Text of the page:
LeRoy Neiman, an iconic American artist known as much for his trademark handlebar mustache as he was for his colorful, impressionistic portrayals of the world’s top sporting events and athletes, died in New York on Wednesday, June 20th at the age of 91. The cause of death is believed to be natural causes.
In October, 2003, Neiman donated a portrait that he painted of Ralph J. Bunche to UCLA, Bunche’s Alma mater, to celebrate the renaming of the Center for African American Studies to the Ralph J. Bunche Center for African American Studies at UCLA. The gift also acknowledged the centenary of the Nobel Prize winner’s birth and hangs permanently in the Bunche Center.
Although his paintings captured everything from African animals to presidents to jazz musicians, Neiman became best known for his bright, bold sketches of the sports world, capturing its motion and emotion in his brushstrokes.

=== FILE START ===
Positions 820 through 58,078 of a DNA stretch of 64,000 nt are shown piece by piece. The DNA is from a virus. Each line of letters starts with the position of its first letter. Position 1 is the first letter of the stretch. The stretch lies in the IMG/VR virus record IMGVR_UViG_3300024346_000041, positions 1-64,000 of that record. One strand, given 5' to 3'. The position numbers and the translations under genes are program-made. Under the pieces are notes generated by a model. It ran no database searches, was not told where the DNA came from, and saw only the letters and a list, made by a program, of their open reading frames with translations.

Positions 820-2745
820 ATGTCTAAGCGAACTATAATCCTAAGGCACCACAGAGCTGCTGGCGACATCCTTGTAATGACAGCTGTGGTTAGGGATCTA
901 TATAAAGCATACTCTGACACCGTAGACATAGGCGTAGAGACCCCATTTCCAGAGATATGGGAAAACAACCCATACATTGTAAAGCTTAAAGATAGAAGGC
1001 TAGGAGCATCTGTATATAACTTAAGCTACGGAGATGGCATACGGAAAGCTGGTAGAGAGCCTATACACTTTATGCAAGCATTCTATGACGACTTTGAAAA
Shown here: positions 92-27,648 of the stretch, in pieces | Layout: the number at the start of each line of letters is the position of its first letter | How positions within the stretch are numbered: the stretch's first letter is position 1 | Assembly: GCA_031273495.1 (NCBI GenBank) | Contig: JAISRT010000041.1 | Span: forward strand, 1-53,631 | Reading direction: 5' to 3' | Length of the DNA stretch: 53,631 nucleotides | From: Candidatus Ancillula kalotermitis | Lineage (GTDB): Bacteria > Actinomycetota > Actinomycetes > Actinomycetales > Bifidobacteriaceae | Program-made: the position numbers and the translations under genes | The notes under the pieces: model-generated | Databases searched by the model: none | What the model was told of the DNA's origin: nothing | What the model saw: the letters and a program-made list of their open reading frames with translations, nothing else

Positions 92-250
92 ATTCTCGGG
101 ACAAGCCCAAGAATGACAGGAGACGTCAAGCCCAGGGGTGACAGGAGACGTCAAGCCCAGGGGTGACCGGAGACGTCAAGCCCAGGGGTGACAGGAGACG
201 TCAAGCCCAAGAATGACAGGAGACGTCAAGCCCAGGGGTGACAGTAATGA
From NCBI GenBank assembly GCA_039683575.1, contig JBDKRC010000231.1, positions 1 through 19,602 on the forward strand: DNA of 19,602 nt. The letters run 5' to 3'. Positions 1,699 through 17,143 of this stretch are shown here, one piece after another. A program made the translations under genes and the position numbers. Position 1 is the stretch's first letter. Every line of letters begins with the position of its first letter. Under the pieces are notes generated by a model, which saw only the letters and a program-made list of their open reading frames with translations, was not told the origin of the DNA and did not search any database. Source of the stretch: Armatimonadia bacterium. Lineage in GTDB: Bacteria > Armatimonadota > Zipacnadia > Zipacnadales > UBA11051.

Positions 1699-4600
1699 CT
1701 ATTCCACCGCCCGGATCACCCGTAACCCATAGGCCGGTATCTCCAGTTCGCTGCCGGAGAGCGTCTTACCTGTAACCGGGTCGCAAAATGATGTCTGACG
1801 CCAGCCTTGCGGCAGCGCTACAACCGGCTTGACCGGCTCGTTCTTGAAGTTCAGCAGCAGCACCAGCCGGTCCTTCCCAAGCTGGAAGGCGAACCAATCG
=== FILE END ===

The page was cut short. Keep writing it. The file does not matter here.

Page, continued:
The most influential artist you’ve probably never heard of, “Neiman has the journalistic talent, as well as the artistic ability, to convey the essence of a game or contestant with great impact, from the Kentucky Derby to Wilt Chamberlain, from the America’s Cup to Muhammad Ali, from the Super Bowl to Bobby Hull,” sports writer Nick Seitz said.“It’s been fun. I’ve had a lucky life,” Mr. Neiman said in a June 2008 interview with The Associated Press. “I’ve zeroed in on what you would call action and excellence. … Everybody who does anything to try to succeed has to give the best of themselves, and art has made me pull the best out of myself.”
Over the years, Mr. Neiman has endowed a number of institutions, donating $6 million in 1995 for the creation of the LeRoy Neiman Center for Print Studies at Columbia University and $3 million to his alma mater, the Art Institute of Chicago, where he taught for a decade.